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With a new Democratic majority in place, observers of labor policy generally expect the National Labor Relations Board (NLRB) to adopt an aggressive stance when it comes to enforcing the National Labor Relations Act (NLRA). For employers that the Board deems to have violated that law, one element of that stance will likely include remedial orders that include dubious requirements, such as mandating access to the employer’s property or requiring the employer to read aloud a Board notice.
To that end, the NLRB’s General Counsel, Jennifer Abruzzo, on September 8 released a guidance memo in which she directed the agency’s regional offices to “request from the Board the full panoply of remedies available” for alleged violations, including those two among others.
Whether federal courts will choose to enforce orders with such remedies is another question. A decision last year by the U.S. Court of Appeals for the Sixth Circuit suggests that some of them may not be as enthusiastic as the Board about doing so.
The decision involved a case dating back to 2014, when several employees of the food supplier Sysco began an effort to unionize their workplace. After the organizing effort garnered enough support, an election was held, but the employees voted 82-71 against union representation. As might be expected, the union involved objected to the results and alleged that the employer had engaged in a variety of unfair labor practices.
An administrative law judge agreed with the union and recommended an order requiring the company to recognize and bargain with the union based on its allegedly unlawful conduct. The NLRB reversed that aspect of the judge’s recommendation but upheld others, including a notice-reading order and union access provisions, which prompted Sysco’s appeal to the Sixth Circuit.
Accepting the NLRB’s findings and conclusions, the court agreed with the “traditional” remedies the Board had ordered, namely a new election, notice posting, and make-whole provisions for two employees who had suffered adverse personnel actions. However, it said, “[t]he special remedies are another thing.”
With regard to the order requiring union access to Sysco’s facilities, the court noted that the union had collected authorization cards from almost 100 out of 162 employees and said that “neither the General Counsel nor the Union has made any showing that Sysco prevented the [union] from reaching Sysco's employees.” Thus, it concluded that “[o]rdering access to a company's facilities and employees ‘cannot be justified as a remedial measure’ unless it is ‘necessary to offset the direct consequences or effects of an employer's unlawful conduct,’” which was not the case here.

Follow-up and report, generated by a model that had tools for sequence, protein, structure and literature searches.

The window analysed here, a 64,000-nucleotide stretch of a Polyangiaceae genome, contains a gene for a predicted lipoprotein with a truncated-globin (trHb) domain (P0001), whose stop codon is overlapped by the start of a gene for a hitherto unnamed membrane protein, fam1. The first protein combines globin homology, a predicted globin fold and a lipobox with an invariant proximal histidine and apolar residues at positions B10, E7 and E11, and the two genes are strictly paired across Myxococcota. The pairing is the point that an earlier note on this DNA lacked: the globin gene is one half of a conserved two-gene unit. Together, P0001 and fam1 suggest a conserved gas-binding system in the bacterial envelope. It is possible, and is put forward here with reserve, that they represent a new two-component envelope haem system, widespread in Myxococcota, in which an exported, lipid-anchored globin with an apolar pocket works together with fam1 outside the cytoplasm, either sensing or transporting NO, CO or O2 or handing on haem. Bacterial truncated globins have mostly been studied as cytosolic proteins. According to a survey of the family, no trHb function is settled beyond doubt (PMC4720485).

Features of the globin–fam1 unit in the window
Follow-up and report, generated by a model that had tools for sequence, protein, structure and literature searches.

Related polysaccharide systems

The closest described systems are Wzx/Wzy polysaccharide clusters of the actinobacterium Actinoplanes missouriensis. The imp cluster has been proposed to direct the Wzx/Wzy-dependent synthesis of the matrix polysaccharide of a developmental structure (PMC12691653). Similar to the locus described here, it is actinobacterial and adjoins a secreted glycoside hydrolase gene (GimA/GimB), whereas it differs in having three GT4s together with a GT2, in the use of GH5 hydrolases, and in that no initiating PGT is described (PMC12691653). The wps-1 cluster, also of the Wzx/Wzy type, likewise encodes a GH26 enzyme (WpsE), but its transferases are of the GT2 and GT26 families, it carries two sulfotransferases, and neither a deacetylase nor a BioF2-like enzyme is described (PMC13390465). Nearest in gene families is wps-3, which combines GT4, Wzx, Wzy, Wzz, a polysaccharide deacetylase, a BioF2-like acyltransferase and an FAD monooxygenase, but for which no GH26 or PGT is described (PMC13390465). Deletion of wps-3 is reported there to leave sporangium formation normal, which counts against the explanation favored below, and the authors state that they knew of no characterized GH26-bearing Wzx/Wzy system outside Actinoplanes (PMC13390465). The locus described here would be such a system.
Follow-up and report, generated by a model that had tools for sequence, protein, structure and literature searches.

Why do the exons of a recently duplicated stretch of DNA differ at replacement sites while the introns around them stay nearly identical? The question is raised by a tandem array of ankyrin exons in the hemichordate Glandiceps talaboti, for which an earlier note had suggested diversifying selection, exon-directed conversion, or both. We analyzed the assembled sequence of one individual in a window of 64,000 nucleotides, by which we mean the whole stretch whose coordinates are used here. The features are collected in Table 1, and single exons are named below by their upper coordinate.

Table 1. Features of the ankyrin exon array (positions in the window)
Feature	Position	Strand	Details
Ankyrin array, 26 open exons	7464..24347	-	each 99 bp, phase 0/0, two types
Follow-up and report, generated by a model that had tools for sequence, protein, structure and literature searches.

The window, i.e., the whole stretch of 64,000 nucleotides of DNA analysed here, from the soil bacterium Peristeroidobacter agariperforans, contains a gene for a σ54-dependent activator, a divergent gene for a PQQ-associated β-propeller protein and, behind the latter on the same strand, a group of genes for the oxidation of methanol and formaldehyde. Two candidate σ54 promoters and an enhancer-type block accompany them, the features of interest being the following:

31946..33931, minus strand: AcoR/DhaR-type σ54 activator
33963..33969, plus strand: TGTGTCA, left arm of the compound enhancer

The court was less charitable in its assessment of the Board’s order requiring Sysco to publicly read a notice to its employees during work hours. Saying it would “join [its] sister circuits in their skepticism of such orders,” the court quoted the D.C. Circuit, which said “it is foreign to our system to force named individuals to speak prescribed words to attain rehabilitation or to enlighten an assembled audience.”
The court went on to say that “such orders mandate a ‘confession of sins’ and conjure up ‘the system of ‘criticism-self-criticism’ devised by Stalin and adopted by Mao,’” and it criticized the order for requiring two particular employees to conduct such a reading and “stand at attention as human demonstratives in the employer's confession of sins.”
Suffice it to say that the Sixth Circuit declined to enforce the notice-reading order as well. Hopefully other courts will follow suit if the NLRB goes too far again, which it seems determined to do.